RESPECT! Over the past decade South Africa has ratified the main international and regional women’s rights protection instruments; and national statutory laws tend to respect the principle of equality between women and men. Yet, the continued application of discriminatory customary laws and persistent patriarchal traditions lead to widespread violations of women’s human rights. The Coalition of the Campaign remains particularly concerned about: discrimination within the family; violence against women, including trafficking; unequal access to property; discrimination in employment; and access to health services.


In addition to the ratification of all the main women’s rights protection instruments, the Coalition of the Campaign acknowledges several other developments in recent years concerning women’s rights:

  • The adoption of the Criminal Law (Sexual Offences) Amendment Act 2007 which modifies the definition of consent and the evidential requirements for proving rape (including abolition of the cautionary rule against complainants’ evidence and providing that no negative inference can be drawn from a delay in reporting rape).
  • The adoption of the Criminal Law (Sentencing) Amendment Act 2007, which establishes minimum sentences for rape. This amendment was intended in particular to prevent courts failing to impose minimum sentences on the basis of absence of physical injuries, the “cultural beliefs” of the perpetrator, or the behavior of the victims or her relationship to the perpetrator.
  • The adoption of National Instructions for Police on Sexual Offences, which sets out how police investigations should be conducted in such cases.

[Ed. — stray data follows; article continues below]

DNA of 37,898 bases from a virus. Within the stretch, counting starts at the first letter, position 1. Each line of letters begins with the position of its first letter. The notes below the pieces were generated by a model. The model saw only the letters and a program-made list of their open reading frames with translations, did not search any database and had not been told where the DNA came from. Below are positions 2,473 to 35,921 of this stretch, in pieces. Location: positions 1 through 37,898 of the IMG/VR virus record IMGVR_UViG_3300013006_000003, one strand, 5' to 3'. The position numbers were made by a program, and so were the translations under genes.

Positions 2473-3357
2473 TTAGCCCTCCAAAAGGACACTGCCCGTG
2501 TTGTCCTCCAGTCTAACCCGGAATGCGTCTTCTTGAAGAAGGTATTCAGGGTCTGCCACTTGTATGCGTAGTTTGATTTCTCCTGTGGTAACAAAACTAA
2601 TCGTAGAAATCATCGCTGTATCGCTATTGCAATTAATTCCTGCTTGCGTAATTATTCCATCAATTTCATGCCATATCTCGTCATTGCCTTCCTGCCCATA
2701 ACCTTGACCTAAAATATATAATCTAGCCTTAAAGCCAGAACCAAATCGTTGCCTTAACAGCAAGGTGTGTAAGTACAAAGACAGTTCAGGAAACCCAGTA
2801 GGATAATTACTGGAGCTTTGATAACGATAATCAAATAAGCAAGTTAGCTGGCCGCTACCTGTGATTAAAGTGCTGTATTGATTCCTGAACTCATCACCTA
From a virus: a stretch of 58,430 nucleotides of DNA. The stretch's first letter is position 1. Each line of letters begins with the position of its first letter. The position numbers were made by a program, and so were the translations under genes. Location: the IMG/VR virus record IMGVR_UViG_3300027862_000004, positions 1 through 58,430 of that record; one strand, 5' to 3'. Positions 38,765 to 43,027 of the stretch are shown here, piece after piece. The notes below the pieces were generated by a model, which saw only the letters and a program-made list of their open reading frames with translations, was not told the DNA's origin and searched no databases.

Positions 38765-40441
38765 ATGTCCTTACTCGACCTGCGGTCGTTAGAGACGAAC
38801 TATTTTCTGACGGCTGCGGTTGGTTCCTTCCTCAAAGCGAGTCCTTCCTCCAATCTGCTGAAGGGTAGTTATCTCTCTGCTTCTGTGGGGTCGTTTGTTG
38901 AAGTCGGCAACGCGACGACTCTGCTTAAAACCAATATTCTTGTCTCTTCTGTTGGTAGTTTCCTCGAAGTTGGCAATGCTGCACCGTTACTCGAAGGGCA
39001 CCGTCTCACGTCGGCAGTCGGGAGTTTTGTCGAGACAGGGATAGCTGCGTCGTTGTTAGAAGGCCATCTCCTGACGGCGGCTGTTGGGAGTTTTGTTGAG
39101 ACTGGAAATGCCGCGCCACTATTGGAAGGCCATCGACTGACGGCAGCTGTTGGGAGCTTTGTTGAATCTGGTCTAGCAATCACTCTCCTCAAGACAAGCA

• Concerning representation of women in parliament, following the 2009 parliamentary elections, 178 out of a total of 400 members of the lower house are women (44.5%). In the upper house, 16 of 54 members are women (29.6%). At ministerial level and deputy minister level respectively 42% and 39% are women.


South Africa has a hybrid legal system composed of statutory and customary law. Laws protecting women’s rights are ineffectively implemented, due to lack of training of law enforcement personnel, general lack of awareness of women’s human rights and generalised impunity for violations.

Discrimination in the family

Legally both civil and customary marriages are recognised. Religious marriages have been recognised by the courts and laws recognising such marriages are currently under consideration. Under customary law, polygamy is authorized (although it is rarely practised). Indeed, the current President, Jacob Zuma, whose role is to guarantee the application of the Constitution, which provides for equality between men and women, openly defends polygamy and married his fifth wife in 2010.

The Recognition of Customary Marriages act requires a court application if a spouse in an existing customary marriage wants to take on a new wife. However, the need to register customary marriages is not well-known and many women within customary marriages do not know about their rights as outlined in the new legislation.


Despite the adoption of specific legislation to protect women from domestic violence, including marital rape, (Domestic Violence Act 1998), such violence remains widespread. The implementation of the law is curtailed, due to deeply rooted social attitudes which condone violence against women, lack of resources, and inadequate training of doctors, police and court personnel. Efforts undertaken by the government, including the financing of shelters for victims and training for police, have so far proved inadequate.

South Africa has the highest recorded incidence of rape in the world. Over a nine month period, during 2007-2008, 36,190 complaints of rape were recorded by the police. Yet, the large majority of rapes committed go unreported. Reported cases are generally not effectively investigated and prosecuted, in part due to lack of training of law enforcement officials. According to a 2008 study, only 4.1% of reported cases result in convictions. The government abolished specialist sexual offences units in favour of a decentralized approach to the investigation of these cases. This has lead to deterioration in how rape cases are dealt with by the police. In 2009, the Minister of Police announced government’s intention to reverse this decision but this has not been implemented.